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Malaysia's Former PM Najib Razak Begins Trial On 1MDB Slush-Fund Charges

Najib Razak, Malaysia's former prime minister, leaves court in Kuala Lumpur on Wednesday — the first day in his trial over charges that he used a slush fund to put millions of dollars into his own accounts.
Mohd Rasfan
AFP/Getty Images
Najib Razak, Malaysia's former prime minister, leaves court in Kuala Lumpur on Wednesday — the first day in his trial over charges that he used a slush fund to put millions of dollars into his own accounts.

Updated at 10:33 a.m. ET

Malaysia's former Prime Minister Najib Razak is on trial in a wide-ranging corruption case, accused of siphoning millions of dollars from a state investment fund called 1MDB. Najib's trial began Wednesday, nearly a year after he was voted out of office.

Najib, 65, has insisted he is innocent, saying he didn't improperly enrich himself during the decade in which he jointly served as Malaysia's prime minister and finance minister. But prosecutors say those dual posts gave Najib nearly absolute authority — and that he criminally abused it.

"Today's trial involves the transfer of more than $10 million into Najib's personal account from an account linked to 1MDB," NPR's Michael Sullivan reports from Kuala Lumpur. "Investigations by other countries allege that hundreds of millions found their way into Najib's accounts over the years."

The former prime minister is facing a raft of charges that include criminal breach of trust and money laundering — and Wednesday's trial is the first of many cases brought against him in connection with the broader 1MBD scandal and the alleged misuse of billions of dollars.

While the government's allegations against Najib involve more than $680 million in state funds that wound up in his personal bank accounts, the 1MDB fund accumulated some $6.5 billion — money raised with the help of U.S. bank Goldman Sachs, which also faces charges related to 1MDB.

Founded in 2009, the alleged slush-fund snowballed from being a tool for exorbitant lifestyles to fueling massive pet projects.

The U.S. Justice Department said in 2017 that it believes Malaysian kleptocrats stole at least $4.5 billion from 1MDB accounts, and that some of that money was laundered through shell companies before being used to buy luxury items and make investments in the U.S.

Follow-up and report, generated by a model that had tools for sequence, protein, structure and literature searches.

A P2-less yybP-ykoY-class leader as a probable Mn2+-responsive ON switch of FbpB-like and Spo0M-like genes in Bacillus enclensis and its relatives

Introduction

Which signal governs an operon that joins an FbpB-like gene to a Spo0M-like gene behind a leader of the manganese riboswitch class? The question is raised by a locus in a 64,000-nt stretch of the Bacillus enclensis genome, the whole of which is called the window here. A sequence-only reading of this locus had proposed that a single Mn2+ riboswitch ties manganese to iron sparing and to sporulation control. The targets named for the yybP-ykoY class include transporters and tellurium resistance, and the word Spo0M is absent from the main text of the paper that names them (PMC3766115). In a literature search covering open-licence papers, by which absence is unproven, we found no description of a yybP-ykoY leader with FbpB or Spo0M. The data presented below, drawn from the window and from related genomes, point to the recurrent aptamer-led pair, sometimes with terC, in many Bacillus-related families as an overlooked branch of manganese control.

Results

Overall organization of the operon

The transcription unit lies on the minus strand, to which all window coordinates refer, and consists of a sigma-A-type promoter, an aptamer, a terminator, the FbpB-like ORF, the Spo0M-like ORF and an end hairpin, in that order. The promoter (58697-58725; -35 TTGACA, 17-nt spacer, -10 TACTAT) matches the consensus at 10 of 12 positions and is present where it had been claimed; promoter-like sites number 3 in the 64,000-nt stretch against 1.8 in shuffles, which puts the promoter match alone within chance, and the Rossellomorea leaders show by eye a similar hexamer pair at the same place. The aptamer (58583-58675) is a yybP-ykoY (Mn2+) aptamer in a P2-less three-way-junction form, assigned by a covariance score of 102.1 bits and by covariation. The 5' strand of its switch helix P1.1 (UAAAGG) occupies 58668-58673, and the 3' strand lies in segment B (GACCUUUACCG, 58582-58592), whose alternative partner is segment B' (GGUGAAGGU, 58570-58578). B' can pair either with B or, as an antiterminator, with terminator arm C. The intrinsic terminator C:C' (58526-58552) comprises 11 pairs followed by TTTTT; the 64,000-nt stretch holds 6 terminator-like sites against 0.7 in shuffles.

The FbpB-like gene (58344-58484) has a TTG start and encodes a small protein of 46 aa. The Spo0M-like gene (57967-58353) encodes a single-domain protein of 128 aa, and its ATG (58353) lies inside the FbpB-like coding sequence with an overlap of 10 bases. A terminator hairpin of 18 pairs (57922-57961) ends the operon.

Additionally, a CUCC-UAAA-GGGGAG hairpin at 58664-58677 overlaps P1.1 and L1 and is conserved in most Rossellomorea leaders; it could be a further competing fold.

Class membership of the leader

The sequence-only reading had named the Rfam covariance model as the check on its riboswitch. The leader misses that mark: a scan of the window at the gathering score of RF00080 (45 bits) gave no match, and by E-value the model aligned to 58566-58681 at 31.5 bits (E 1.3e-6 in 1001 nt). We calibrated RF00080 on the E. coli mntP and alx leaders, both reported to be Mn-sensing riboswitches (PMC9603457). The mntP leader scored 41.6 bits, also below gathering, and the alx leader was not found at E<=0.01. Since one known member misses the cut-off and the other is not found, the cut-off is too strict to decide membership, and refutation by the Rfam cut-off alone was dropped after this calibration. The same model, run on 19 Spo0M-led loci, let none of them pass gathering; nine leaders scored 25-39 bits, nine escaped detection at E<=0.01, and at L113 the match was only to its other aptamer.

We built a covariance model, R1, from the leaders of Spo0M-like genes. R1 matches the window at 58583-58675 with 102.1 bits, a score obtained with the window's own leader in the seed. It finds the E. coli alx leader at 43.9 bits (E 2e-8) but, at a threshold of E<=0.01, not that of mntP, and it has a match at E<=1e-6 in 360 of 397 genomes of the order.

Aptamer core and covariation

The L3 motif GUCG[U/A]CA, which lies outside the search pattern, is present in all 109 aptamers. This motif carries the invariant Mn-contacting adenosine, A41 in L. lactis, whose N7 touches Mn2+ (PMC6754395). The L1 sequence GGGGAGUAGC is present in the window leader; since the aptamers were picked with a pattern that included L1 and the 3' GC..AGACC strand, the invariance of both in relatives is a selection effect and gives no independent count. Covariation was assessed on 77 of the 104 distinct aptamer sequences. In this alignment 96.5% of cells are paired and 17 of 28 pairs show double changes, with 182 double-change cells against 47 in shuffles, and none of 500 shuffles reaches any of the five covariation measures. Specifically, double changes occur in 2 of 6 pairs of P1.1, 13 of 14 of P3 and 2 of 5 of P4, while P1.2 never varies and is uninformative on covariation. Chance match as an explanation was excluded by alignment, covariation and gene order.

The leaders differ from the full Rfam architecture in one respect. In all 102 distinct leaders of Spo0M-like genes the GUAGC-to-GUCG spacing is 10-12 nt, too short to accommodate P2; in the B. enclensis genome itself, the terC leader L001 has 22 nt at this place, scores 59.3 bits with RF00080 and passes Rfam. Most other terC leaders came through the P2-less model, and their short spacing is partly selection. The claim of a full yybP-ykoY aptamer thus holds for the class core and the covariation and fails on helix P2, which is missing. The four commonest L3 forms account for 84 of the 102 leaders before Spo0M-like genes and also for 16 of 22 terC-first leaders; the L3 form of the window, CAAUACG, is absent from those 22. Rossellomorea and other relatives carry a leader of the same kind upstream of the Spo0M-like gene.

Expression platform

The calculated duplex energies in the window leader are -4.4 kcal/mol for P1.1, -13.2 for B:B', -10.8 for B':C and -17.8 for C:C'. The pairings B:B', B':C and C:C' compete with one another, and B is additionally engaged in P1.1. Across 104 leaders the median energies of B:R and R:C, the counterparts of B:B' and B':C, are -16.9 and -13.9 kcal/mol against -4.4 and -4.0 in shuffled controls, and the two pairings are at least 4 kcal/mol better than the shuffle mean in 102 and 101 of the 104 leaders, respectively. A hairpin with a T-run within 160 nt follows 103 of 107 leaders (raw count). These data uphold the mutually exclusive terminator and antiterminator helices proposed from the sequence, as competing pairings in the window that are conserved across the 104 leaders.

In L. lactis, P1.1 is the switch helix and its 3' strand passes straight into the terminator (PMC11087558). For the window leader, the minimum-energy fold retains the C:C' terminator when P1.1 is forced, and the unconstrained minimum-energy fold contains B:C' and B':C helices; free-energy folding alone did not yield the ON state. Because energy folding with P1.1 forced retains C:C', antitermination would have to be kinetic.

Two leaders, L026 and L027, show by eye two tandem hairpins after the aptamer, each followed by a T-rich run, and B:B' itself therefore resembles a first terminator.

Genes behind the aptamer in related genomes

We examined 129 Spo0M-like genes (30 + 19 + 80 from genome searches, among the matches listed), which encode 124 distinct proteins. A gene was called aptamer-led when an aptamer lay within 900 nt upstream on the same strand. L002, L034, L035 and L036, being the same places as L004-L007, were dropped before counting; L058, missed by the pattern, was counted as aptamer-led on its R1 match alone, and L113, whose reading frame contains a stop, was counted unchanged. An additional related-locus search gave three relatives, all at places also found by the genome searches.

As the DOJ described those purchases: "These assets allegedly included high-end real estate and hotel properties in New York and Los Angeles, a $35 million jet aircraft, works of art by Vincent Van Gogh and Claude Monet, an interest in the music publishing rights of EMI Music and the production of the 2013 film The Wolf of Wall Street."

Others who have been charged in the scandal include Malaysian financier Jho Low — believed to be the fraud's mastermind — along with two former Goldman Sachs bankers.

The alleged fraud was exposed by The Wall Street Journal in 2015. Speaking to NPR's Morning Edition, the Journal's Tom Wright, who helped break the story, called it "probably the largest corruption scandal ever to have occurred."

Wright says 1MDB "wasn't a traditional sovereign wealth fund. This was a fund that went and raised money on global markets and it did so with the help of Goldman Sachs."

He laid out how the 1MDB enterprise got its start:

"It started in 2009 when the Malaysian prime minister at the time, Najib Razak, wanted a political slush fund to stay in power. And he leaned on a 27-year-old Malaysian financier called Jho Low, who he allowed to run a sovereign wealth fund.

"Low helped him to funnel money around the world — and $1 billion into Najib's account, that Najib then used to pay off politicians in his home country. But unbeknownst to Najib, Jho Low then used billions more to fund a billionaire's lifestyle. He partied with Hollywood celebrities, he bought storied U.S. companies like EMI Music Publishing. He became a billionaire in his own right."

Jho Low faces charges in both the U.S. and Malaysia. But he remains at large and is currently believed to be living in China.

Attorney General Tommy Thomas laid out the case against Najib in court Wednesday — highlighting a shopping trip in late 2014 in which Najib is said to have used his credit card to buy $130,625 worth of items at a Chanel store in Honolulu, Hawaii.

Thomas said Najib also used the money to pay for renovations at two properties that the former leader owns.

"A former prime minister is charged under due process in the ordinary court of the land, like any other accused," Thomas said, according to Malaysian newspaper The Star. "The accused is not above the law and his prosecution and this trial should serve as precedents for all future holders of this august office."

Malaysia is currently led by Prime Minister Mahathir Mohamad, the country's previous long-time leader who returned to the post last year, when Najib's political party lost power for the first time in more than 60 years.

Within days of Najib's election loss last May, police zeroed in on the ousted leader, raiding a residence at which they seized numerous luxury items, from Hermes crocodile skin bags to diamonds and jewelry. The goods, some of which were bought in Paris and Switzerland, included more than 560 handbags and 2,200 rings.

Copyright 2020 NPR. To see more, visit https://www.npr.org.

Bill Chappell is a writer and editor on the News Desk in the heart of NPR's newsroom in Washington, D.C.